-1959-60: Boston had its best season so far (59-16, 7.62 SRS). The second-best team was the Warriors (49-26, 2.77 SRS) with rookie Wilt but they were nowhere near Boston’s league. Boston beat Wilt 4-2 and then took out the Hawks (46-29, 1.77 SRS) again in the Finals 4-3.
-1960-61: Deja vu. Boston (57-22, 4.94 SRS) faced the Hawks (51-28, 2.99 SRS) again in the Finals. The teams were a closer match on paper but Boston took them out 4-1. Wilt’s Warriors were good (46-33) but were swept in the first round by a Syracuse team with a higher SRS.
-1961-62: Boston set a new high mark in wins (60-20, 8.25 SRS). They were way better than the rest of the NBA but didn’t blow away their opponents in the playoffs. Boston was taken seven games in both rounds of the playoffs by Wilt’s Warriors and the Jerry West/Baylor Lakers (54-26, 1.80 SRS) in the Finals.
-1962-63: Again, Boston is the best team (58-22, 6.38 SRS), with no team quite near them on paper. They met the Lakers (52-27, 2.67 SRS) again in the Finals and won 4-2.
-1963-64: The competition started to get tougher. Boston still led the league in wins and SRS (59-21, 6.93 SRS) but the Royals (55-25, 4.43 SRS) and the Wilt Warriors (48-32, 4.41 SRS) posted SRS in the mid-4s. Boston dispatched both teams 4-1 in the playoffs.
-1964-65: Another record win total in Boston (62-18, 7.46 SRS) and no one else in the NBA had an SRS higher than 2.68. The Celts met the Lakers (49-31, 1.70 SRS) again in the Finals and, again, beat West and Baylor (this time 4-1).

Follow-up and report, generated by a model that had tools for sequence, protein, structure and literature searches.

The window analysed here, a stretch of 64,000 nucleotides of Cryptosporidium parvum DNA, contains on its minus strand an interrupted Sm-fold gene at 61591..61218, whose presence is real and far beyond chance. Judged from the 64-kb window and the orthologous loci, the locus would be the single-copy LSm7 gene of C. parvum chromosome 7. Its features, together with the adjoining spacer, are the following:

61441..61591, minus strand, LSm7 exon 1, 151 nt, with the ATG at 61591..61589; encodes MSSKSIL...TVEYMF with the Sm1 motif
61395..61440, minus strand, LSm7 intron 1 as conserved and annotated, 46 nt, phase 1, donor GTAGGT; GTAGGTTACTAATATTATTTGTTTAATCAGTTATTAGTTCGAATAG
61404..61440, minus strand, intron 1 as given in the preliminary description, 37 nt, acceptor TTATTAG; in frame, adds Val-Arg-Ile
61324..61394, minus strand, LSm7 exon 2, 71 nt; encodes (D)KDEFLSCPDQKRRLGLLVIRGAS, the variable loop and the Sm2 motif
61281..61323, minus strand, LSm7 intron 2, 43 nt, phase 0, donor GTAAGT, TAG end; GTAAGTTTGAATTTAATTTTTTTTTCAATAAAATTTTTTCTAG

-1965-66: For the first time, Boston (54-26, 4.34) did not have the most wins in the NBA. In fact, the top team was the Wilt 76ers (55-25, 4.16 SRS). Wilt finally had some real All-Stars to play with (Hal Greer, Chet Walker, Billy Cunningham). Despite all that, Boston was slightly better by SRS. The teams were actually a dead heat but Boston tossed them easily, 4-1, in the playoffs. The Lakers (45-35, 2.76) were waiting for another loss in the Finals (this time 4-3).
-1966-67: Wilt’s revenge! The 76ers were dominant (68-13, 8.50 SRS) and finally beat out the Celtics (60-21, 7.24 SRS). Even in Wilt’s best year, though, Boston was still only slightly worse in the regular season point-differential. In the playoffs, the 76ers got their pound of flesh, beating Boston 4-1. Interestingly, this was the first year that Boston had to play a round of the playoffs before the conference finals (with expansion, the NBA was finally large enough to make every team play a first round game). Out West, the Warriors were the best team with a middling 44-37 record (2.58 SRS) and Philly tossed them 4-2.
-1967-68: The numbers just can’t explain this one. Philly (62-20, 7.96) looked much better than Boston (54-28, 3.87 SRS). Boston wasn’t even the second best team, with the Hawks (56-26, 2.37) and Lakers (52-30, 4.99 SRS) having arguments as being superior. Boston somehow beat the 76ers (4-3) in a series where Philly blew a 3-1 lead (the series also was marred by the assassination of Martin Luther King). After squeaking by Philly, Boston beat the Lakers again (4-2) for the title.